January 20, 2011
One evening, after staying late at the Baylor Law School, law student Amanda Harris noticed many feral cats roaming the parking lot and the adjacent green space.
She began to ponder safe ways to limit the number of stray cats on campus. In front of her computer that night, Harris did some research. She learned that a Trap-Neuter-Return (TNR) program first traps the feral cats, gets them neutered and spayed and a rabies vaccination, and returned to where they were picked up. A list of TNR cats is kept so that the volunteers can keep a watchful eye on each of the felines in the program.
In the fall, Harris set out to bring a TNR program to Baylor. She contacted Katie Thiele, who, along with Liz Weddell, had already formed an organization called Laws for Paws. The organization's members examine animal rights issues, such as animal abuse cases, but also perform community service, including volunteer work at local animal shelters. Together, the girls concluded that Laws for Paws was the right organization to run a TNR program.
"I think a TNR campus program is important because it not only provides care for these animals, but also educates the community on feral cats," Harris said. "Through TNR and Laws for Paws, these cats can find new homes."
Because feral cats are wild, they cannot be adopted and placed in homes domestically. TNR allows these cats to live in the same environment they would already be living in, while also eliminating the concern of new feral kittens.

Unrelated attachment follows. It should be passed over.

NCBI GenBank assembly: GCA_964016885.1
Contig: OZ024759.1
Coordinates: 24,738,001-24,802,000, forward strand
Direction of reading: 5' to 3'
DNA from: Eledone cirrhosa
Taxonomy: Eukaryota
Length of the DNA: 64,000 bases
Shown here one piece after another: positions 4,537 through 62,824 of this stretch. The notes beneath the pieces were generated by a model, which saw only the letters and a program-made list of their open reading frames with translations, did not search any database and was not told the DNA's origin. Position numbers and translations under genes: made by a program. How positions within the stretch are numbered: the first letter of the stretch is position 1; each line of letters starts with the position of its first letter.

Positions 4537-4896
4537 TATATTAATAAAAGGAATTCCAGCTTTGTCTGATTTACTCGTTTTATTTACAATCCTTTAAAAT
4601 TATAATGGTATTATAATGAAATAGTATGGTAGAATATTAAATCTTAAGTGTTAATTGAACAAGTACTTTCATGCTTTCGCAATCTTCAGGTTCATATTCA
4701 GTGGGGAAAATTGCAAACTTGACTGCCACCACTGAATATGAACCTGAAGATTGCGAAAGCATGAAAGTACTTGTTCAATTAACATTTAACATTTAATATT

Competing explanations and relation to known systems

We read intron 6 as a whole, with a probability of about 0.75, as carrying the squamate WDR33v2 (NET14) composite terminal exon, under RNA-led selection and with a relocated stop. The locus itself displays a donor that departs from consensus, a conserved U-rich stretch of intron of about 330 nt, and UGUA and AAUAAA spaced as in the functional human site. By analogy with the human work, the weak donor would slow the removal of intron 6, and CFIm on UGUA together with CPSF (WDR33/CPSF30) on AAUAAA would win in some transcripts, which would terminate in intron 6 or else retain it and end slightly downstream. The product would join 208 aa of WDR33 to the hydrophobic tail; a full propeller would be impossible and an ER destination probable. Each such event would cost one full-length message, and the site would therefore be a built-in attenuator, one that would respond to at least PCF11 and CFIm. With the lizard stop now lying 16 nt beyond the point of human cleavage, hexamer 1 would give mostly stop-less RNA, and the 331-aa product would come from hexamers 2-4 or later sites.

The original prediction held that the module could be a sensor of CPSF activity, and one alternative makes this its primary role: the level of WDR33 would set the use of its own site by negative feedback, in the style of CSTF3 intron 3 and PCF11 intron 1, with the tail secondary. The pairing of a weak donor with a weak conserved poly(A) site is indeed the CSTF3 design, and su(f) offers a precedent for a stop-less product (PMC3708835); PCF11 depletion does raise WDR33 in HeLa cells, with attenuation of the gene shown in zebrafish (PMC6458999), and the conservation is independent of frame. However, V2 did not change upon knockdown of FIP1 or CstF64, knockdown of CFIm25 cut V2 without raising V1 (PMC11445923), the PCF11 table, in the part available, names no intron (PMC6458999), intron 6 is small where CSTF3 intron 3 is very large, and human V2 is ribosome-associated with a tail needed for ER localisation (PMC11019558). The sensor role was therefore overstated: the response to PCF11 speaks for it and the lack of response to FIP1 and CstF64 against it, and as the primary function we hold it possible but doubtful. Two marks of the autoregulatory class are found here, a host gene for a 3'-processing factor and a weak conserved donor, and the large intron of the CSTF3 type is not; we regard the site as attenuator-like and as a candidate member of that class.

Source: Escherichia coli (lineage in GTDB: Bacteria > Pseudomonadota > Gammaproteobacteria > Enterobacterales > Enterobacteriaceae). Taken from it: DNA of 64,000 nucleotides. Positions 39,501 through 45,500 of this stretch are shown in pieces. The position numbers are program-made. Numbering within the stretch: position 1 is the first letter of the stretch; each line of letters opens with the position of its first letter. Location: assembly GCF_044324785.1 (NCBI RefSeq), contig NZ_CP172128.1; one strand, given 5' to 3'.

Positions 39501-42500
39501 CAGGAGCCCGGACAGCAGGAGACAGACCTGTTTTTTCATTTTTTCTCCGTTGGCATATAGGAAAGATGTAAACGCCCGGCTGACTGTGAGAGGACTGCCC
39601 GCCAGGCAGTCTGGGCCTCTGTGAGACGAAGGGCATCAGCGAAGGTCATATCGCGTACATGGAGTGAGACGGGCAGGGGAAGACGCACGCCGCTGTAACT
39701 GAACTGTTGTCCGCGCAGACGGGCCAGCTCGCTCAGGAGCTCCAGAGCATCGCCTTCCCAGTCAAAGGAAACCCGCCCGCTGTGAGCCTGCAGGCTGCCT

Laws for Paws held it first TNR on St. Patrick's Day. Volunteers trapped six cats, which were taken to the Humane Society for spaying/neutering. The cats were released March 19. The cost to spay/neuter the cats was $250, which was paid for with donations.
"We definitely have many more cats to be trapped. Even after our six were trapped, we saw more roaming around," said law student Linda Horng. "We are looking for cat food donations or monetary donations for future TNR. Alumni can also help by coming forth as potential fosters or adopters for friendly cats or kittens we may catch. Even alumni who live in Austin, Dallas, or Houston can help in this regard, because many law students regularly visit those cities over the weekends."
"I look forward to having the program established and the peace of mind that provides," Harris said. "Currently, when we have cold nights I worry about the cats and pray they have found some sort of shelter I feel a sense of duty to the cats as we share a campus."
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